Review Summary: The best Disney movie soundtrack
Remember when you were 5 years old and the only things in the world that mattered were your family, your best friend and your box of crayons? When all the girls had cooties, wetting your pants wasn’t necessarily taboo and depression came in 5 minute increments called “time out”? That magical period of my life was when Tarzan was released in theaters and, for the first time I can remember, I listened to music. At my urging, my parents purchased the Tarzan soundtrack and were forced to listen to it more than anybody should have to. It means a different thing to everyone in my family and although it isn’t perfect, the nostalgia it provokes makes it feel like it is.
One of the problems with a movie soundtrack is that some of the power of the songs lies in the visuals that it supplements; a perfect example of this being “I’ll Make a Man Out of You” from Mulan. While it works very well in the context of the movie, not even Donny Osmond can make it sound good on CD. Tarzan’s soundtrack does not suffer from such problems. Oscar winning track ’You’ll Be In My Heart’ elicits a response each time one hears it, whether while viewing Tarzan or not. It’s a very strong vocal performance from Collins, with tender lyrics that make it stand out not just as the song that beat South Park for the Oscar but as a very powerful song with the right amount of schmaltz so that it’s neither overbearing or excessively cheesy. A lesser musician would struggle to walk this line but Collins, who began his career in 1967, is a savvy veteran with great talent. Collins also displays his talent on the silly fun ’Trashing the Camp’. Teamed with the talent less Rosie O’Donnell and myriad jungle animals, Collins somehow crafts a soundscape of typewriters, pots, pans and various other human items coupled with O’Donnell’s chants to great success. This track actually is better when taken outside of the context of the film because of its ambitiousness.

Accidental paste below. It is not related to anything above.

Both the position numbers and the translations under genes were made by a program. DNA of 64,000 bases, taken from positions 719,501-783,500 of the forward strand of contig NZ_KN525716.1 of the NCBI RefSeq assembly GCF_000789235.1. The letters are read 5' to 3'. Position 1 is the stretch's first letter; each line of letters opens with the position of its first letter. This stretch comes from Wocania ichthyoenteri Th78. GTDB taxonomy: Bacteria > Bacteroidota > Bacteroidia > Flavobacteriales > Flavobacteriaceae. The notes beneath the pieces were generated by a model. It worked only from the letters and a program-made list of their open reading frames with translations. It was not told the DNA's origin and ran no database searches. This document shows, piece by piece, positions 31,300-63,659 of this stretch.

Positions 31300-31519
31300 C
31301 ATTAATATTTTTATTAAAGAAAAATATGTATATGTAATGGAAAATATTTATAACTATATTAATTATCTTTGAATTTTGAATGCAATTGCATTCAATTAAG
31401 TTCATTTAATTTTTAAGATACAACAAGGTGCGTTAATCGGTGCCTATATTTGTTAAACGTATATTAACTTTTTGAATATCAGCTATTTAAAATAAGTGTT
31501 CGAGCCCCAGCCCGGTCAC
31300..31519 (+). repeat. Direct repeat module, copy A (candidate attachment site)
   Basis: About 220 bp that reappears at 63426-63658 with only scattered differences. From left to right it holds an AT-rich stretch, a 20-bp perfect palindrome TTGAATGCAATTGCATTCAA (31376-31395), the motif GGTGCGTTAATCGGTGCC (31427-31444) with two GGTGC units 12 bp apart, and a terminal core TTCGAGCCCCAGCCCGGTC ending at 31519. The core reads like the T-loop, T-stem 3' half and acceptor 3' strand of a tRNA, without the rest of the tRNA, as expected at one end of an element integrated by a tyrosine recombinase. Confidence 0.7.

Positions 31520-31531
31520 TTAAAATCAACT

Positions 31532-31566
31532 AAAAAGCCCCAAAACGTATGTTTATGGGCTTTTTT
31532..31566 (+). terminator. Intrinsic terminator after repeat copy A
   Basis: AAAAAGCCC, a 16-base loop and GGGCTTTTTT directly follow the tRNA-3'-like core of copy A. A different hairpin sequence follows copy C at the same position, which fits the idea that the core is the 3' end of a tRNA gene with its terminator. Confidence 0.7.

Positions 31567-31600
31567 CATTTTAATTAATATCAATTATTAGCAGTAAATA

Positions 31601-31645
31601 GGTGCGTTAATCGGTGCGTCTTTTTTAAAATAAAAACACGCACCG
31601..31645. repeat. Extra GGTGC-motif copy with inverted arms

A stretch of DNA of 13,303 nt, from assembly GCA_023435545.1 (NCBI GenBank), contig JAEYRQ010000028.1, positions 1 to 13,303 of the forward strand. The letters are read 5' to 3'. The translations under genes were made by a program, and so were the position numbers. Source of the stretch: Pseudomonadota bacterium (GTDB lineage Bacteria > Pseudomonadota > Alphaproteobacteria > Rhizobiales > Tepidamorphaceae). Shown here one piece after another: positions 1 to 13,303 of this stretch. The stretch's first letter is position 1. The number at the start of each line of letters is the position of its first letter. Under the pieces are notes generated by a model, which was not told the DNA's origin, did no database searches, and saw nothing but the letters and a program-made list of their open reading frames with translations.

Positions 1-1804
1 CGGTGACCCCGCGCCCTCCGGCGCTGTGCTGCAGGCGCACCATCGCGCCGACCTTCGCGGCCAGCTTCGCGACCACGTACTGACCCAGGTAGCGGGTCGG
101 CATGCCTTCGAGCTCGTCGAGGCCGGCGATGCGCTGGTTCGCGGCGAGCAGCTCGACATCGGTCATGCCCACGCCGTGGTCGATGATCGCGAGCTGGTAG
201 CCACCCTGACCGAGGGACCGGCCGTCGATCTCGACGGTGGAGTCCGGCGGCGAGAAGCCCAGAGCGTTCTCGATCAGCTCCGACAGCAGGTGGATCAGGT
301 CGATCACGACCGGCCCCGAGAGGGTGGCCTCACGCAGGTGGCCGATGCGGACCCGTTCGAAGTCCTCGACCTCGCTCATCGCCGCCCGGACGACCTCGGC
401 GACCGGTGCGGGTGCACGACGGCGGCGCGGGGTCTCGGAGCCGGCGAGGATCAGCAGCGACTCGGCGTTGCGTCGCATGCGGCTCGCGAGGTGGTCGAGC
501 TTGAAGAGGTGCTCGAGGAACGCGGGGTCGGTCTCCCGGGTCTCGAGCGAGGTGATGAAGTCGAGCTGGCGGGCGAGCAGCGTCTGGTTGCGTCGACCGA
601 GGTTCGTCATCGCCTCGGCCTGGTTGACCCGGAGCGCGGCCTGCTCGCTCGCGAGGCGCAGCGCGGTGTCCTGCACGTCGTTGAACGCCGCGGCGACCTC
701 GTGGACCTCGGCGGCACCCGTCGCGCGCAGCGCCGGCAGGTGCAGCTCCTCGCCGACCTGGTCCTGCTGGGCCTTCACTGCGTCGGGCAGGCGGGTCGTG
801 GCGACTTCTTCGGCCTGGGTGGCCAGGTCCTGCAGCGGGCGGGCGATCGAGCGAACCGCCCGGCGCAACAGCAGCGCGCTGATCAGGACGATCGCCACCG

On the whole, this soundtrack sounds more like a concept album then a soundtrack. While experimentation has not always been kind to Collins (see: Abacab), he takes the framework given to him and makes it his own. It sounds like he’s enjoying what he’s doing and that the music is for himself, not for a movie. The variation in sounds of the tracks as well of the inclusion of 4 Mark Mancina scored pieces, including highlight ’The Gorillas’ make this a very enjoyable listen. However, it would have worked better to include the Mancina parts as interludes between the Collins segments, to avoid the repetition. Collins incorporates the use of chanted background vocals to great success, it sounds as if he is leading a tribe of people, a vibe that works well given the feel of the songs. All in all, this is a very good listen, whether or nor it already means something to you.
Recommended Tracks: You’ll Be In My Heart, Two Worlds